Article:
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CrashPlan Support

07: Start Your Backup

Applies to:
  • CrashPlan for Home
Need enterprise or small business documentation?
This article is intended for CrashPlan for Home users. For Code42 CrashPlan and CrashPlan for Small Business documentation, read this page on our enterprise support site.


Once you've decided what files you want to back up, and which destinations you want to use, your job is almost done! Now all you have to do is click start, sit back, and let CrashPlan do its thing.

Ready, set, back up

From the Backup tab, simply click Start Backup to begin backing up to a destination like CrashPlan Central or an external hard drive.

Start backup

Backup status and progress

Once you start your backup, we encourage you to close the CrashPlan app and let your backup continue to work behind the scenes. Understandably, though, many people want to know how their backups are progressing.

To expand details about the number of files remaining, the number of files completed, and your current sending rate, click the more info more info icon. CrashPlan estimates the total time that it will take to upload your files based on current network speeds and what type of data it encounters. However, because your speed will fluctuate, this estimate will fluctuate as well.

How much can I expect to back up to CrashPlan Central in a day? (CrashPlan for Home only)

On average, you can expect your CrashPlan Central backup to progress by at least 10 GB of information a day, as long as your computer is powered on and not in standby mode. That's the equivalent of:

  • 6,800+ photos from a camera phone (at 1.5 MB per photo)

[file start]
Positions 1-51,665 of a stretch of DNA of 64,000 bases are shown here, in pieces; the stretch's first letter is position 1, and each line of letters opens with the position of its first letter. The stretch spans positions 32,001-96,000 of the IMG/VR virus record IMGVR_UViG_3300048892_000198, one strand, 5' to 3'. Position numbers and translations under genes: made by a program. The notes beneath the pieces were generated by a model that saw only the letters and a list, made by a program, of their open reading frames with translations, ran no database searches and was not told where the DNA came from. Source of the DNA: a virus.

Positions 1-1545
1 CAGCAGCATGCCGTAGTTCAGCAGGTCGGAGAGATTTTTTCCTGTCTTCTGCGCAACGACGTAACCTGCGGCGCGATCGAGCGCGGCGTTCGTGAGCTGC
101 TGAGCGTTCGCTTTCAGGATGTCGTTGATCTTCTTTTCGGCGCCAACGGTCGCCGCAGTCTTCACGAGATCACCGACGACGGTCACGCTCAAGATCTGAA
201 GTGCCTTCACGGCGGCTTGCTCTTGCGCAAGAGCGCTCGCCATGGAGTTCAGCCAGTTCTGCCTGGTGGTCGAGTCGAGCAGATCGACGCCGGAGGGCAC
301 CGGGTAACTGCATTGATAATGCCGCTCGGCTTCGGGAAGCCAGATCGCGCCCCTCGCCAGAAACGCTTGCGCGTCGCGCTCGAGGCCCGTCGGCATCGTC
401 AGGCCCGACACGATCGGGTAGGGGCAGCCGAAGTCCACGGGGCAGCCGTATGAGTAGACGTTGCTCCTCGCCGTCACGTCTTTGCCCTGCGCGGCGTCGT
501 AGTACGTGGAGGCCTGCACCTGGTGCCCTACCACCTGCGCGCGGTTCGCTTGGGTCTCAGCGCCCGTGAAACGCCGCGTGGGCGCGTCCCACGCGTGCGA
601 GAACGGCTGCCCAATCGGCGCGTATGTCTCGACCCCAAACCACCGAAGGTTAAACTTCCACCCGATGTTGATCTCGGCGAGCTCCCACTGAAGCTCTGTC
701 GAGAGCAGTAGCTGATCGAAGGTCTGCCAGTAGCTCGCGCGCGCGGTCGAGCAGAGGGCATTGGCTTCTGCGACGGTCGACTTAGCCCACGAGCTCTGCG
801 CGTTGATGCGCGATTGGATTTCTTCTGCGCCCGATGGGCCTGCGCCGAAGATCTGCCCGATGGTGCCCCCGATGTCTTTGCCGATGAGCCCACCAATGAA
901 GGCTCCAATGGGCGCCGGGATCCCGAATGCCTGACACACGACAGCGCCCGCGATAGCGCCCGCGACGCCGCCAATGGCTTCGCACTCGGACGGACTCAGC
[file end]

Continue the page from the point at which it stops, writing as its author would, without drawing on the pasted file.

• 1024 photos from a DSLR camera (at 10 MB per photo)
  • 1500+ MP3s (at 6.5 MB per song)
  • 8 full-length standard definition movies (at 1.2 GB per movie)


Is My Backup Starting Over?
If it looks like CrashPlan is restarting your backup, or you receive a backup status report with a lower Back Up % than previously reported, it's most likely because the file verification scan is running. Your backup is okay! See the Troubleshooting Tips at the end of this guide for more information.

Priortizing files and destinations

Even under ideal conditions, the initial upload process can take a while. Backup times may range anywhere from a few days to a month or more, depending on your upload speed and the total size of the files you have selected to back up. In the meantime, CrashPlan does its best to make sure your most critical work is getting backed up immediately, and that you have a complete backup archive at one destination as soon as possible.

CrashPlan backs up your newest and most recently changed files first. This ensures that the most recent versions of your files - what you're working on right now - are backed up as soon as possible. The priority order looks like this:
  1. Newer, smaller files
  2. Newer, larger files
  3. Older, smaller files
  4. Older, larger files

Furthermore, CrashPlan prioritizes backup activity to ensure all your selected files are completely backed up at one destination before starting backup to another. To accomplish this, CrashPlan determines which destinations will back up the fastest in this order:

  1. Local folders (e.g., an external hard drive)
  2. Computers on the same network (LAN)
  3. CrashPlan Central or computers across the Internet (WAN)

How backup works

So just what exactly is CrashPlan doing anyway? CrashPlan doesn't merely upload or copy your files to your destinations. Rather, CrashPlan is designed to intelligently scan your files, minimize the bandwidth and storage needed to back up your files, and securely encrypt your files before they even leave your computer.

  • Analyze: CrashPlan uses a process known as de-duplication to scan your file selection and identify the unique information that needs backing up. This process saves on bandwidth and storage, and it also makes restoring faster.
  • Compress: When CrashPlan finds information that needs backing up, it compresses the data to save on bandwidth and storage space.
  • Encrypt: After compression, your files are encrypted with a 448-bit Blowfish key (CrashPlan for Home with subscription) or 128-bit Blowfish key (CrashPlan for Home without a subscription).
  • Send: Once your files are encrypted, your backup transmission is sent to your destinations using 128-bit AES in-transit encryption.

What's next?

Now that you've started your backup, it's just a matter of time before you experience the peace of mind that comes from backing up your files. Click Next below to learn learn about monitoring your backup status.